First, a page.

The authors of the source relied on by the Johns court were careful to address the problem of employee negligence which led to discharge, and to note that it could be considered `misconduct' so as to deny benefits only when it functionally amounted to intentional conduct. It specifically ruled out considering errors in judgment to be `misconduct.' The updated Am.Jur.2d position is similar, although more explicit:
`Work-connected negligence or inefficiency constitutes misconduct within the meaning of an unemployment compensation statute precluding a discharged employee from unemployment compensation benefits when the negligence or inefficiency is of such degree or recurrence as to manifest culpability, wrongful intent, evil design, or an intentional or substantial disregard of an employer's interests or of an employee's duties and obligations. Conversely, mere inefficiency, unsatisfactory conduct, failure of good performance as the result of inability or incapacity, inadvertencies, isolated instances of ordinary negligence, or good-faith errors in judgment or discretion, are not considered misconduct for this purpose.' 76 Am.Jur.2d Unemployment Compensation § 54, p. 948 (emphasis added, citations omitted).
See CCH Unemployment Insurance Rptr., Vol. 1B, ¶ 1970.
In addition, neither of the decisions of this court which held a claimant ineligible for benefits as a result of a violation of standards of conduct which the employer had a right to expect involved unintentional conduct. Rasmussen v. Gem State Packing Co., 83 Idaho 198, 360 P.2d 90 (1961) (placing metal chain in scrap barrel bound for processing equipment not suited to handle metal); O'Neal v. Employment Sec. Agency, 89 Idaho 313, 404 P.2d 600 (1965) (postman discharged after being convicted of lewd and lascivious conduct with minor). In fact, the court has even held that the three categories of Johns are not discrete, and that violation of any one of them does not automatically lead to a denial of benefits. Wroble v. Bonners Ferry Ranger Station, 97 Idaho 900, 556 P.2d 859 (1976); Hutchinson v. J.R. Simplot Co., 98 Idaho 346, 563 P.2d 404 (1977). This suggests how inappropriate is the kind of close reading indulged in by the majority.
All aside from the limits placed on our construction of I.C. § 72-1366(e) by the act itself and by prior cases, the majority's approach has unfortunate policy results. To the extent that an employee realizes that misconduct may result in termination without benefits, that misconduct is deterred. Yet there can be no deterrent value in penalizing conduct which is unintentional since the actor, by definition, cannot ponder the consequences of the action. I would also note that under the majority's construction, a denial of benefits based on a violation of the employer's rules requires intentional conduct, while the denial could be based on an unintentional, even good faith, breach of `standards of behavior which the employer has a right to expect of his employees.' To require a showing of more extreme conduct for the violation of duly promulgated rules of the employer places a premium on non-promulgation, and runs counter to notions of due process.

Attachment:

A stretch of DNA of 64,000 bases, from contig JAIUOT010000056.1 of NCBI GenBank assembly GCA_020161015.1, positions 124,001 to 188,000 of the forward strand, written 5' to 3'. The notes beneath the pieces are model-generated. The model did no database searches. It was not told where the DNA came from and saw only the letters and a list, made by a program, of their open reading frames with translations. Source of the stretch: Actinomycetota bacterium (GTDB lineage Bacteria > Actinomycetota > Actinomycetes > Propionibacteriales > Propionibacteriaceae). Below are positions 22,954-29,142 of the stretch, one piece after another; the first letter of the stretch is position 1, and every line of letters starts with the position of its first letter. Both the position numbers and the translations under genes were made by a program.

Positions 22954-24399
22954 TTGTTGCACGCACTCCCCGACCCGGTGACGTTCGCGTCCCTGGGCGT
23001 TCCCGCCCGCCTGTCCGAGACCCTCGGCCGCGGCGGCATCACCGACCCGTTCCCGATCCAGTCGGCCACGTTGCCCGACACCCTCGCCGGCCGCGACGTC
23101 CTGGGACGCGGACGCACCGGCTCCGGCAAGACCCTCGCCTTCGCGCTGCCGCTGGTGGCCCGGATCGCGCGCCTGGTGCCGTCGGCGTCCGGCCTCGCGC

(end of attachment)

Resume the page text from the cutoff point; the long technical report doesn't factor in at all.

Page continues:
It would not be unkind to say that there are certain aspects of Matthews' story which strain the bounds of believability, and it is clear that the majority here seeks to remedy what strikes it as an inequitable result. But the Industrial Commission explicitly decided that Matthews did not act intentionally when he decamped for Alaska, and its conclusion, is supported by substantial although obviously conflicting, evidence. I am not sufficiently interested in denying this claimant benefits that I would rewrite a significant portion of the employment security law to accomplish the task. I would affirm the Commission's decision.
Matthews, 101 Idaho at 659-661, 619 P.2d at 1112-1114.